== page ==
DANVILLE — Tommy Marks was ranked second in the world among blind golfers in 2018 after victories in Rome, Italy, and Nashville, Tennessee.
He won the Italian Blind Open tournament and the US Blind National Championship that year.
Marks, from Danville, will join the links later this month in Pinehurst, North Carolina for the first US Golf Association (USGA) US Adaptive Open.
The tournament is a new national championship that will feature the best disabled golfers in the world. Marks is one of 96 players chosen from nearly 300 entries, representing 12 countries and 29 states, according to Central Susquehanna Sight Services. Players will have various disabilities – arm and leg impairments, multiple limb amputations, visual impairment, intellectual disability, neurological disability, seated players and people of short stature.
Marks said the USGA just added the tournament. It is a 54-hole tournament over three days, from July 18 to 20. This is a move play tournament, in which the cumulative scores of the three days are used to determine the winners.
“This is the next step in bringing golf into the Paralympic Games,” he said.
Marks, 42, said the players were chosen based on their golf handicap and their summary of recent accomplishments.
“They chose a number of people within each disability,” he said. “There are six among the visually impaired and the blind.”
He said that unlike other blind tournaments, this one is not based on visual impairment levels.
Generally, in blind golf events, a B-1 is totally blind, B-2 ranges from the ability to recognize the shape of a hand to visual acuity of 20/600, and B-3, the Marks category, is from visual acuity greater than 20/600 to visual acuity less than 20/200.
All classifications are in the best eye with the best correction, according to the classifications of the US Blind Golf Association (USBGA).
During his last exam, Marks could only see the big E on the eye chart, he said.
Marks, who said he had been golfing since he was 11 or 12 and played on the Danville-area high school team and at Bucknell University as a rookie, said said he was diagnosed at the age of 21 with Stargardt disease, a rare genetic disease and a progressive disease. form of juvenile macular degeneration.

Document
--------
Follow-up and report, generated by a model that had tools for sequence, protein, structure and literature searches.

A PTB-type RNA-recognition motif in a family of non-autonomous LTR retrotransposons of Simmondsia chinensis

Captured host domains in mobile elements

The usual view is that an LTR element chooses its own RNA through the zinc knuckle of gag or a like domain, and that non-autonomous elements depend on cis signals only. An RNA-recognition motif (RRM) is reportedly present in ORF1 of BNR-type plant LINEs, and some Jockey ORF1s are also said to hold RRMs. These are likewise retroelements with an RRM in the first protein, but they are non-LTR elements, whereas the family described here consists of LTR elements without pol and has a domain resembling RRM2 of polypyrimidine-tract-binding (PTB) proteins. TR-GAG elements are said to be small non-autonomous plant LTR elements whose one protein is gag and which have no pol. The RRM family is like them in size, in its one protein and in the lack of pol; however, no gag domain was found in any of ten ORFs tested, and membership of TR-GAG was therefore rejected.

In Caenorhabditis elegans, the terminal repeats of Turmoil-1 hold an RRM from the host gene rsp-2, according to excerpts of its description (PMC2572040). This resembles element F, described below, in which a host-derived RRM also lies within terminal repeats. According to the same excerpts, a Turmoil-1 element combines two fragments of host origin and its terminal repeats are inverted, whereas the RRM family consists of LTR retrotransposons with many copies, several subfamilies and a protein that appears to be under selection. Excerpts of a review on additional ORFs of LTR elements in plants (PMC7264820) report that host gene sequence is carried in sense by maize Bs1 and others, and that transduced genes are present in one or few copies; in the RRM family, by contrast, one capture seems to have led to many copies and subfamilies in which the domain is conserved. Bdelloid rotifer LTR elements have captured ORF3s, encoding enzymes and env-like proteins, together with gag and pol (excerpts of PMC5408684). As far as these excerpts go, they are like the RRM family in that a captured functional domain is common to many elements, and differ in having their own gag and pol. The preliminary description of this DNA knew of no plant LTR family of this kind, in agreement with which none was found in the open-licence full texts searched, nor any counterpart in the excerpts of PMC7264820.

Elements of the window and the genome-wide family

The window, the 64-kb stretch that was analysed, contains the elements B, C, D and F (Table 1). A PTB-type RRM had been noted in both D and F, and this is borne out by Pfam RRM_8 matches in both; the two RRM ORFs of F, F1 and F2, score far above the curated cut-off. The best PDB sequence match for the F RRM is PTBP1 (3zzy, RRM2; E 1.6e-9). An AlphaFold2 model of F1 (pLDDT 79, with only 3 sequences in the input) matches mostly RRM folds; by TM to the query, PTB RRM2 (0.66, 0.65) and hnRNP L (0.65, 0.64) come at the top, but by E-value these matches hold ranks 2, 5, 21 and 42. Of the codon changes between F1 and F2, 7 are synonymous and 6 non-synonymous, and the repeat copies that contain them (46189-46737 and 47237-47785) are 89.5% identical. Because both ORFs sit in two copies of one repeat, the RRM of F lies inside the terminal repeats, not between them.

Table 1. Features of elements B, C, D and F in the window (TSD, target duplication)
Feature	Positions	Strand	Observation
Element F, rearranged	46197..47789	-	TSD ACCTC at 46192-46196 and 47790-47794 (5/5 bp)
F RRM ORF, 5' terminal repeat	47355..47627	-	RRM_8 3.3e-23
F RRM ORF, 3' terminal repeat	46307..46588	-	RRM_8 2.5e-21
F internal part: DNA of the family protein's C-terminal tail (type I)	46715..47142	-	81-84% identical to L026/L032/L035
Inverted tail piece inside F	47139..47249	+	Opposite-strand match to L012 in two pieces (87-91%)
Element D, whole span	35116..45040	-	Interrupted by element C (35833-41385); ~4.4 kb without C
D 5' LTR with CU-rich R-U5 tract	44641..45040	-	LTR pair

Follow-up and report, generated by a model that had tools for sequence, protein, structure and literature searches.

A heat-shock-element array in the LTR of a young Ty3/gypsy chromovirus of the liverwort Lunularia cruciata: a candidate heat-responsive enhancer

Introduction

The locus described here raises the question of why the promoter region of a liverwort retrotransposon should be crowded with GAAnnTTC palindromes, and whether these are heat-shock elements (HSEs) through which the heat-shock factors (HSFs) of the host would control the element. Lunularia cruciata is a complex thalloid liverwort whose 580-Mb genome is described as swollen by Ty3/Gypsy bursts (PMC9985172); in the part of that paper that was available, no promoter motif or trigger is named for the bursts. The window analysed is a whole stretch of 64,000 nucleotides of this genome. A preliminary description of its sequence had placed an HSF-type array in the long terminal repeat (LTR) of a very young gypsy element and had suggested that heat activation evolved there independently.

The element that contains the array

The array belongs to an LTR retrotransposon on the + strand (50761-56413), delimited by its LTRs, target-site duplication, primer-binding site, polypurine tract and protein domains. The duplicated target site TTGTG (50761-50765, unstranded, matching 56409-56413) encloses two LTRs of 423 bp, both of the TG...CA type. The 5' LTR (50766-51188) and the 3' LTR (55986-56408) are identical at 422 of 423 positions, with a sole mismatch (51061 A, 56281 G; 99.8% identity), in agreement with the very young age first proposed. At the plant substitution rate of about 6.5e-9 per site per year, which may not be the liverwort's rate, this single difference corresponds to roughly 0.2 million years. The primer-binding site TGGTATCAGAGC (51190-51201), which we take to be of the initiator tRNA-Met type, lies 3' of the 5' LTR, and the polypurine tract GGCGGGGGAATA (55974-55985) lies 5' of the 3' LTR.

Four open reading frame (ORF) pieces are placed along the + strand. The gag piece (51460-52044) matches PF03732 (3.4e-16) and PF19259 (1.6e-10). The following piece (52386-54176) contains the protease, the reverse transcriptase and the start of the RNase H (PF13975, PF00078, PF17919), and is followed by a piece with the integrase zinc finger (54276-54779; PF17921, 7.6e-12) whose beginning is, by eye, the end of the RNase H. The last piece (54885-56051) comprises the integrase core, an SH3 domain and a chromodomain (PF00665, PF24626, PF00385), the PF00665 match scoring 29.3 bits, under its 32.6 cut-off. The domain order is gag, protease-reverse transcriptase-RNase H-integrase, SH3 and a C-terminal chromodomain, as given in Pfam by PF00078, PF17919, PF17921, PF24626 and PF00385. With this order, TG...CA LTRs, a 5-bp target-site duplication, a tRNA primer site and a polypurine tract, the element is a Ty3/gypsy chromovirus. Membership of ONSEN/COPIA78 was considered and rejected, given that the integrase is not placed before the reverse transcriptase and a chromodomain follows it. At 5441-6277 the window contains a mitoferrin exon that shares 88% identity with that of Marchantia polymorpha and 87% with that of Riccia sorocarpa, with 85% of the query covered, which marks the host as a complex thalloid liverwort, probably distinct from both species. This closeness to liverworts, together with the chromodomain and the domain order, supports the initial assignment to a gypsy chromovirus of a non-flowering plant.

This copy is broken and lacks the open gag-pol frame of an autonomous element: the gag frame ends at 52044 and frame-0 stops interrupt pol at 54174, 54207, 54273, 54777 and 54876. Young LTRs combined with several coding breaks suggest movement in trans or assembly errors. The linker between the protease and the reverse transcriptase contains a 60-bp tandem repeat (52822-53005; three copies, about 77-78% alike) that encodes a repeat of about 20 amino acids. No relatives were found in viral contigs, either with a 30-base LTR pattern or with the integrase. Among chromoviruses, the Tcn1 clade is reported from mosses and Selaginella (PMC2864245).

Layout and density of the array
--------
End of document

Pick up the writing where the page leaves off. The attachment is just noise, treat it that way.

“I think there were signs when I was 17,” he said. “It became really noticeable from the moment I left Colorado to go to school at Penn State.”
He said he took a year and a half off from college and moved to Colorado.
Back on the course
Marks said tournaments are resuming after the COVID-19 pandemic slows.
“I haven’t competed a ton in the last two years because of COVID,” Marks said. “Once a year for the past two years.”
He had hoped to compete in the world championship scheduled for 2020 in South Africa. He said it was postponed to 2021 and then postponed to March 2023, in Cape Town, due to COVID.
He has three tournaments lined up for this year. After Pinehurst, he plans to play in the Vision Cup tournament at the Tournament Players Club (TPC) at Sawgrass in Ponte Vedra Beach, Fla., near Jacksonville, September 18-22.
“It’s the best players in North America against the best players in the rest of the world,” Marks said.
The following month, he plans to travel to the 76th USBGA National Championships in Sacramento, Calif., Oct. 24-26. He said he and his wife could turn this into a vacation.
His father, attorney Robert L. Marks, was training him but gave him up.
“I’m getting too old to help him with his putting,” said Robert Marks, adding with a chuckle, “I can’t find the ball. He’s hitting it too far.
Robert Marks said his son didn’t have time to train last year, due to COVID and work. Tommy Marks is Community and Employee Relations Coordinator at Green Thumb Industries in Danville.
“He’s been training for the last two weeks,” the elder Marks said. “He installed a mat and a net in his yard.”
He said he was excited for Tommy.
“I wish I could be there,” he said.
Tommy’s brother-in-law, Scott Hasenbalg, who is married to Tommy’s sister, Kerry, now trains him.
“Two years ago he coached him in a tournament and they won,” Robert Marks said. “I took Tommy to Italy, where he won.”
“Scott is also a great accomplished golfer,” said Tommy Marks. “He’s in the SUNY New Paltz Hall of Fame for golf and basketball.”
He said having a good coach is so important for blind golfers to help them find the ball and line up shots.
“They also describe the type of shot you hit,” Marks said. “You don’t know if you’re hitting straight or hitting a draw. It helps you line up the ball, your stance, confirm slopes and greens for reading putts. It is so important that this person be mentally and physically prepared.
He said he would miss having his dad coaching him, but he’s glad his brother-in-law is with him.
“Scott and I went to the Vision Cup in British Columbia four years ago,” Marks said. “He’s still a great coach.”